After the United States spent twenty years, more than two thousand US servicemembers’ lives, and more than $2 trillion fighting the Taliban in Afghanistan, it’s hard for many veterans of that lengthy war to come to terms with its eventual outcome.

For John Moses, a Hoover Institution 2023‒24 Veteran Fellow devoted to resettling Afghan migrants in his home region in Massachusetts, the 2021 withdrawal of US troops and the Taliban’s return to power in Afghanistan hit him particularly hard.

“When the war ended that way, I felt like for quite some time that all the work I did, didn’t even matter. And a lot of it was for (women’s rights),” he told a gathering of veterans in Chelmsford, Massachusetts, on March 7, 2024.

Moses worked at the US embassy in Kabul, liaising between the army, embassy staff, and civil society groups, which at the time would have included a number of women’s groups.

Women are no longer permitted to assemble in public under the Taliban.

Moses acknowledged the Afghan people have a long history of being abused, misled, and ultimately abandoned by external powers, including by the Soviets from 1979 to 1989.

“When everything ended, I felt like I owed them, I made that promise— ‘we’re not the Russians, we’re not going to do the Russian thing,’—except that we did, and that wasn’t okay with me,” he said, referring to the August 2021 withdrawal.

Moses’s remarks were part of a panel discussion featuring other Afghanistan war veterans who convened in a townhall setting in Chelmsford, Massachusetts to speak about how their experience in that war shaped what they are now doing in civilian life and the obligations they feel to Afghans who cooperated with their efforts during the war but who didn’t make it out.

Moses is currently helping Afghan refugees settle in the Chelmsford area.

Moses said that he felt the United States left “people holding the bag” after the Taliban takeover. He referred to some of the incredible bonds he’s made with individuals whom he helped resettle in the community but lamented that his work was not enough to heal the wounds America caused when it left Afghanistan.

The event’s moderator, Hoover fellow Jacquelyn Schneider, affirmed that this feeling is common among Afghanistan war veterans.

“There was a real belief that we were there to do something good,” she said, referring to the role of US service personnel in securing democratic elections, building new infrastructure, and training and equipping the Afghan army, air force, and security services. “But twenty years later, that’s a really complicated question about what the legacy has been.”

The US government estimates that 47,000 Afghan civilians died during two decades of war, and up to three million fled to neighboring countries.

Another panelist, Felicia Pinckney, told the audience of the incredible bonds she forged in her unit after deployment.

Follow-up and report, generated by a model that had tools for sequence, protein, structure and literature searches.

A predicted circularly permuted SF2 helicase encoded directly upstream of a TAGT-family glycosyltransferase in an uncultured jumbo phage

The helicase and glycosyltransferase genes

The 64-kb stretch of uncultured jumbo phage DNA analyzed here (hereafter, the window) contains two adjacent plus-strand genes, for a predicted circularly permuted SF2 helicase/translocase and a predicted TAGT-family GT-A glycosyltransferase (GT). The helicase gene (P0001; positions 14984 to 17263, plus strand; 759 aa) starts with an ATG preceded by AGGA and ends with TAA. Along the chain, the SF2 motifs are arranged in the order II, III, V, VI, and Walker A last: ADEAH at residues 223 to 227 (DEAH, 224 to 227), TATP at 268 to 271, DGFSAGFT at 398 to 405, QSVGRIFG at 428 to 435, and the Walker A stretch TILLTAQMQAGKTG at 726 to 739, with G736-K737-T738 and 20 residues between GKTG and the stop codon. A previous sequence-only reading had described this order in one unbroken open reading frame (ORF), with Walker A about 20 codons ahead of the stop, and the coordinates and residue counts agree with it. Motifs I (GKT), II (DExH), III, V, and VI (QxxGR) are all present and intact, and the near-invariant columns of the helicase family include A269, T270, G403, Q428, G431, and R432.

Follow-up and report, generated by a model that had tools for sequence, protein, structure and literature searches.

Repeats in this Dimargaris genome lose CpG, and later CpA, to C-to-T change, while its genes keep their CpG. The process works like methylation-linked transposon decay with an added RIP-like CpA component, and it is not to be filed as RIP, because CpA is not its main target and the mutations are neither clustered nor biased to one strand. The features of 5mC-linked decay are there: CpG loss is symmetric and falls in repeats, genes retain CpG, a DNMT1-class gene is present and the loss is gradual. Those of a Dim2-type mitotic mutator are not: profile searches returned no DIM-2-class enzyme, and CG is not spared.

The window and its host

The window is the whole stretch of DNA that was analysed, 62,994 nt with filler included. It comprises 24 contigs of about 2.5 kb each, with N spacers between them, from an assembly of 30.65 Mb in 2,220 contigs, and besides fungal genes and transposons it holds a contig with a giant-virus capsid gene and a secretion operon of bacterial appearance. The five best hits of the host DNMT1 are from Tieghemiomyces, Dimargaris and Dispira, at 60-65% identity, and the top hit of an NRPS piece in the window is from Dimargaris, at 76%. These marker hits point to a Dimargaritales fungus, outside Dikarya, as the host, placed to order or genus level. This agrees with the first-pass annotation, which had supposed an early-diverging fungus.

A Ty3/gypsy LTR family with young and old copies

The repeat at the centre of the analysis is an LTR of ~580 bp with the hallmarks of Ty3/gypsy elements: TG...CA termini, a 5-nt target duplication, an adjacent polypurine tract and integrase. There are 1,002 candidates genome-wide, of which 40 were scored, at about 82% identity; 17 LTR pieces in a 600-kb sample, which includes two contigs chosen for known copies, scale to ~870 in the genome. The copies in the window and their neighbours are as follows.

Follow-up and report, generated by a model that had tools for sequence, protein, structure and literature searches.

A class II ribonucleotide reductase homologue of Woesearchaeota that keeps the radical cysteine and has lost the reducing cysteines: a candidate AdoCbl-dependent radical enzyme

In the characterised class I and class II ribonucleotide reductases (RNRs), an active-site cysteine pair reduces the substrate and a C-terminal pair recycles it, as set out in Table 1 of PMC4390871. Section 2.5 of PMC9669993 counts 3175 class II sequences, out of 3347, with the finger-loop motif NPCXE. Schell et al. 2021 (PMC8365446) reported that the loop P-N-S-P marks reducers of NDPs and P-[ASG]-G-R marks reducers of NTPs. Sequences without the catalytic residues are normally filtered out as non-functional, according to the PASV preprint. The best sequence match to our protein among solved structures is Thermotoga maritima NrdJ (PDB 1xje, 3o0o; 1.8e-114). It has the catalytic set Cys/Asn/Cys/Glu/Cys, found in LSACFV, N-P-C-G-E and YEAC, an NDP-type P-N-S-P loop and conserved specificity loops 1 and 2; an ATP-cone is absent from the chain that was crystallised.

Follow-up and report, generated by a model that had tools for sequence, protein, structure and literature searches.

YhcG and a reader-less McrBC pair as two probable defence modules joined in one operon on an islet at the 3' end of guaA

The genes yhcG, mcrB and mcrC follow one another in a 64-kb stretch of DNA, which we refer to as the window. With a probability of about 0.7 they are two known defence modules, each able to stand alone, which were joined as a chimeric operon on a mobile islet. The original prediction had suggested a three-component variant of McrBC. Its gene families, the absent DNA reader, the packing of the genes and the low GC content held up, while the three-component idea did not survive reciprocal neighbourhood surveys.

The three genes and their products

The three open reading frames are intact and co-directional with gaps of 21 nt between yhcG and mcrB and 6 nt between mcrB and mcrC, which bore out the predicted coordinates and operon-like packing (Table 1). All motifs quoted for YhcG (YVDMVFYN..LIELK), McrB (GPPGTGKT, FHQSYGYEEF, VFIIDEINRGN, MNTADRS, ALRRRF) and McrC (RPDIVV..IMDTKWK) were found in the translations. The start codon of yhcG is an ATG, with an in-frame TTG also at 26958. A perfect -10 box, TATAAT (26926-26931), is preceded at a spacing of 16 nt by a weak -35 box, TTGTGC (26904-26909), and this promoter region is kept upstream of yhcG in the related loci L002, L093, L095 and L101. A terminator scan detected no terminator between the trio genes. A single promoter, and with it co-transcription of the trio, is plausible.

Her experience went from “fixing broken Humvees on drill weekend” in the US to heading to Afghanistan in a National Guard finance unit as a staff sergeant. She spoke of enduring 3 a.m. rocket attacks at her base, ensuring her subordinates had the protection they needed, and then being there for them emotionally after they all returned home.

“If you call me tomorrow, I will be on a plane tomorrow. I will be at your house tomorrow. I will take care of your child tomorrow,” she said. “I am the oldest of seven and I can’t say that the relationship with my siblings is the same as that.”

Pinckney now works as a program manager for the Home Base Program, which offers mental health and other types of support to veterans and their families.

She compared her return to the return of veterans from a war that ended in a similar fashion: Vietnam. Pinckney said since the Vietnam period, veteran experiences following engagement in foreign conflicts have improved, albeit slowly.

“When we ‘welcomed’ the Vietnam generation home, they sort of had to hide,” Pinckney said. “You would never know they had any service—they sort of gritted their teeth through all of it.”

But today, the offer of mental health support for returning combat veterans is front and center.

Moses recalled his surprise when he heard a fellow sergeant urging his colleagues to seek counseling and therapy after their deployment.

Pinckney said she is slowly seeing the stigma against counseling evaporate: “I am grateful we live in a time where the stigma is not completely gone, but it is getting better.”

Pinckney and Schneider said that they estimate the ratio of suicide deaths among Afghan war veterans outnumbers actual combat deaths by nearly ten to one. That ratio translates into 20,000 Afghan war veterans who have taken their own lives.

But while the vets on the panel all acknowledged that they have had to accept help themselves upon their return, they each also expressed a desire to continue helping their communities and also the Afghans who were left behind.

“I don’t think it’s accidental that the veteran community is overrepresented in responding to that crisis,” Colin Frances Jackson, a US Naval War College instructor who served in Afghanistan and worked as a civilian there, said of the veteran-led efforts to assist Afghan migrants.

Moses himself went back to Kabul Airport for the final two weeks before the fall as a civilian to assist with transiting migrants to US bases.

He reiterated that the United States, in its rush to withdraw from Afghanistan, had failed its partners in that country.

“When everything collapsed and only 120,000 people came out, it was a broken promise,” he said.

This feeling was echoed by Jackson: “Someone broke promises to an entire generation.”

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